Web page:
Using a Chromebook with Lights-Out
In this (longer) article I will deal with Google’s Chromebooks. I show you how to use your Chromebook together with Lights-Out to wake up your server when needed and then keep it active. I also show you how to wake up other computers and manage the server or NAS with Lights-Out Mobile.
What exactly is a Chromebook?
In the beginning, Chromebooks were just better web browsers that ran applications like Gmail in their Chrome browser. As a result, there was no way for you as a user to install other applications or interact with the underlying Linux operating system.
To increase the possibilities of use and attractiveness, Google then gradually expanded Chrome-OS. At first, the possibility was added to install and use Android Apps via Google Play. This has suddenly increased the number of high-quality applications. And if you bought an app in Google Play for your Android smartphone, you could usually use the same app on your Chromebook.
Recently, there is also the (beta) possibility to run Linux in a virtual machine and to use desktop programs under Linux. So, you as a Chromebook user have all at once a whole range of high-quality Linux programs such as Gimp available.
Where are the limitations?
What are the requirements to use a Chromebook with Lights-Out?
Those who use Lights-Out on their server or NAS to save energy usually have 2 mandatory requirements and one optional requirement:
- Mandatory request: Wake up the server or the NAS via Wake-On-Lan.
If you use Lights-Out on your server or NAS to save energy, you first want to wake up or start your server or NAS when needed.
- Mandatory request: Keep the server or NAS active.
When the server or NAS is ready to use, you want to detect that the Chromebook is using the server or NAS. Lights-Out should detect this activity and keep the server or NAS active.
- Desired request: Manage the server.
This includes the ability to shut down or restart the server or the NAS.
Let us now look at these 3 points and possible solutions in detail.
Request 1 – Wake up the server or NAS with Wake-On-Lan
The physical network address (the so-called MAC address) is required to wake up a computer with Wake-On-Lan (Wol). With Lights-Out it is easy to find this out.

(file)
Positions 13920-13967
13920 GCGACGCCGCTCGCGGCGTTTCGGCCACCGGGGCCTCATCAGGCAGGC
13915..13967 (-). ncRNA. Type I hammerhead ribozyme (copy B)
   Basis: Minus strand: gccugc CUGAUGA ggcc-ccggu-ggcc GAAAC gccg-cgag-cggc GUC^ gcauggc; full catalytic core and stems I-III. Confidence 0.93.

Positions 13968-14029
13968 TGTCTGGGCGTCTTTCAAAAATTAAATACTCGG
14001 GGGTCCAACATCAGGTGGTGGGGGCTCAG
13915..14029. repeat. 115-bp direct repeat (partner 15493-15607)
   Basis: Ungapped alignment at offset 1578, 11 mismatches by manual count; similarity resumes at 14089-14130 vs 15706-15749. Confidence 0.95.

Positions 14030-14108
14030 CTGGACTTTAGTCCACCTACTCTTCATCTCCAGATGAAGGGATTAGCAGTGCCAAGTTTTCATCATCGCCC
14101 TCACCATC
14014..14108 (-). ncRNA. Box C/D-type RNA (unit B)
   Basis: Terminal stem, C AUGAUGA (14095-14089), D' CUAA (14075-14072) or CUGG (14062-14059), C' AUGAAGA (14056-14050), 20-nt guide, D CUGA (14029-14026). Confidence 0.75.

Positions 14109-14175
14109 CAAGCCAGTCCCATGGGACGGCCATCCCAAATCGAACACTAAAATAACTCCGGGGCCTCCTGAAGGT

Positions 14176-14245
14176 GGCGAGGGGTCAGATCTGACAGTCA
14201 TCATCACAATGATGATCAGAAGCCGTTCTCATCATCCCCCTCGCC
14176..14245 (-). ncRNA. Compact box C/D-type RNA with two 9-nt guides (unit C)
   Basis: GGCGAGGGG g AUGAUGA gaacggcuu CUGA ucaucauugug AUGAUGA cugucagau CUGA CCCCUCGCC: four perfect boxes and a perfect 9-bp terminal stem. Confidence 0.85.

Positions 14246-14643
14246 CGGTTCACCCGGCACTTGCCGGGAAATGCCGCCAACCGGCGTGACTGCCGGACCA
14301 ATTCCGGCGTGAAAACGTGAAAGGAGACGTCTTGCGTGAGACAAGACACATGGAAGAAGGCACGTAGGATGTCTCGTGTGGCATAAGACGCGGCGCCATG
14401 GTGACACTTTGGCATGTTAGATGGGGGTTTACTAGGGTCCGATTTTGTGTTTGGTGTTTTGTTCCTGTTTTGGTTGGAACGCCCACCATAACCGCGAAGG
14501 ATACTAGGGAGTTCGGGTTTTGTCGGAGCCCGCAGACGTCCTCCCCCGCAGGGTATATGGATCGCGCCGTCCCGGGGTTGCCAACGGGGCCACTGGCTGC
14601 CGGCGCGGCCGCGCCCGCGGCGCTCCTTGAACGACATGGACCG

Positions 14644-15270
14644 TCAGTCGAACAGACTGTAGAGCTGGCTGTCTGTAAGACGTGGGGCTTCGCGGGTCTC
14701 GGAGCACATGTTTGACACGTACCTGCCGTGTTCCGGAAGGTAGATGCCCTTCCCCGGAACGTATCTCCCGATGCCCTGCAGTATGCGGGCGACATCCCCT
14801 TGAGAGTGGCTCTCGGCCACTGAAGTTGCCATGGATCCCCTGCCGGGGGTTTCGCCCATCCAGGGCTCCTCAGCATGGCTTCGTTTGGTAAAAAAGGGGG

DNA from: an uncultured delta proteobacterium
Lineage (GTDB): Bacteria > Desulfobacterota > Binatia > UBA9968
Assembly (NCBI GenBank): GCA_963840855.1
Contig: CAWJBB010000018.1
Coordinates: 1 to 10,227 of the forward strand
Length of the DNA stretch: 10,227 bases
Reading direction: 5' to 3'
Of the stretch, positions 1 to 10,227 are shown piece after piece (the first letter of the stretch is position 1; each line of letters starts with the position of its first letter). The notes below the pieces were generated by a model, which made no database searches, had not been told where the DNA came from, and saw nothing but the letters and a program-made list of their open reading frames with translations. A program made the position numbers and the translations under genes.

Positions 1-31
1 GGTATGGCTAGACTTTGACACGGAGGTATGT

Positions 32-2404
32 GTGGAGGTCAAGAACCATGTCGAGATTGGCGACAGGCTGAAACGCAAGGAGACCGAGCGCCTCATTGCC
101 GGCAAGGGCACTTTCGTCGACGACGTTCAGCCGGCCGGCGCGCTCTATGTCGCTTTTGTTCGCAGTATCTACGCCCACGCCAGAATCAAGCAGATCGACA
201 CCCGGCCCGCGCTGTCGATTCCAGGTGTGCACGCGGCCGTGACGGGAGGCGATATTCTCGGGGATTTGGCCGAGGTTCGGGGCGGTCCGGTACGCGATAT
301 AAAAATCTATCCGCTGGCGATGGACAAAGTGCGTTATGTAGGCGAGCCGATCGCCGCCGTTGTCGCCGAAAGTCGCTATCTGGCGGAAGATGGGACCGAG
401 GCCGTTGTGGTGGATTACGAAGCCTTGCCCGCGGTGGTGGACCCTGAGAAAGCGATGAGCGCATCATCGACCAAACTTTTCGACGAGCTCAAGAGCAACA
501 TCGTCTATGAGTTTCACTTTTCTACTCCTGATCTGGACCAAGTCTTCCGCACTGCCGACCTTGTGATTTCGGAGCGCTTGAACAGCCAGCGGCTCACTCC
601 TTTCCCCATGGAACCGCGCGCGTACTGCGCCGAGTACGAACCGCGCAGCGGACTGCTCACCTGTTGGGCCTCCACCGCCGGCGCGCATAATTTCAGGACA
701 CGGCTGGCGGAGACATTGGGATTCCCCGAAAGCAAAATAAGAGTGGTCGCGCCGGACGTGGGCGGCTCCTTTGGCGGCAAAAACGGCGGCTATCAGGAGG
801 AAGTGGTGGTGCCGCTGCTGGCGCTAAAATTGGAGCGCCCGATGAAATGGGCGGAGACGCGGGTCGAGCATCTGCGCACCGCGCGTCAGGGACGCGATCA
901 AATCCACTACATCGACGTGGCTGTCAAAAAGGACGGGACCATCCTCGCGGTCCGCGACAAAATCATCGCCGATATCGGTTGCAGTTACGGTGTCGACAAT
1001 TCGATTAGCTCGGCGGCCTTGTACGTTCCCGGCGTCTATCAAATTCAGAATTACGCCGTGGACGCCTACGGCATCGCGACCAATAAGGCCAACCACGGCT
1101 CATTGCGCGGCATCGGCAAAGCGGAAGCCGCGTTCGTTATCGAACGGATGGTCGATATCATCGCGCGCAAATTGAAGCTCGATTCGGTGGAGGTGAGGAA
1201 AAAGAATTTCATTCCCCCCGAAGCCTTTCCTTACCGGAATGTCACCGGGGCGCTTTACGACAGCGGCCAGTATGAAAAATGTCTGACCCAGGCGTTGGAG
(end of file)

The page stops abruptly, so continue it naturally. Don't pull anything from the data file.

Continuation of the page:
Find out the server MAC address
Start the console or dashboard and open the Computer tab. At the bottom you will see your server or NAS. Click on the entry and read the 6-digit MAC address in the detailed view. In the example, this is 00-11-32-64-CA-27.
Find a working Wake-On-Lan App
As described above, the architecture of Chrome-OS (the operating system of Chromebooks) prevents broadcast packets from being sent from Android or Linux apps. Therefore, none of the many Android apps can be used under Chrome-OS!
The only possible solution is the use of a Chrome extension, which is based directly on the Chrome browser. Under this link (works only on your Chromebook) you can find the Wake-On-Lan extension in the Chrome Web Store.
Install this extension in Chrome. After the start you can pin the extension to the start bar. The user interface is, to put it carefully, a bit of an oddity.
Personally, I find the dark view less legible and have therefore switched to a white background with the gear wheel in the upper left corner.
Adding the server to the extension
To add a new server, you must follow these 3 steps in exactly this order:
- click on Add
- then enter the name
- click again (!) on Add
Only then do you fill in the other fields:
Enter the local broadcast address under “IP / Hostname”. This is normally the IP address of the server (in our example 192.168.1.68). Then replace the last number group with 255, i.e. 192.168.1.255. Finally enter the MAC address in the 6 fields. Done.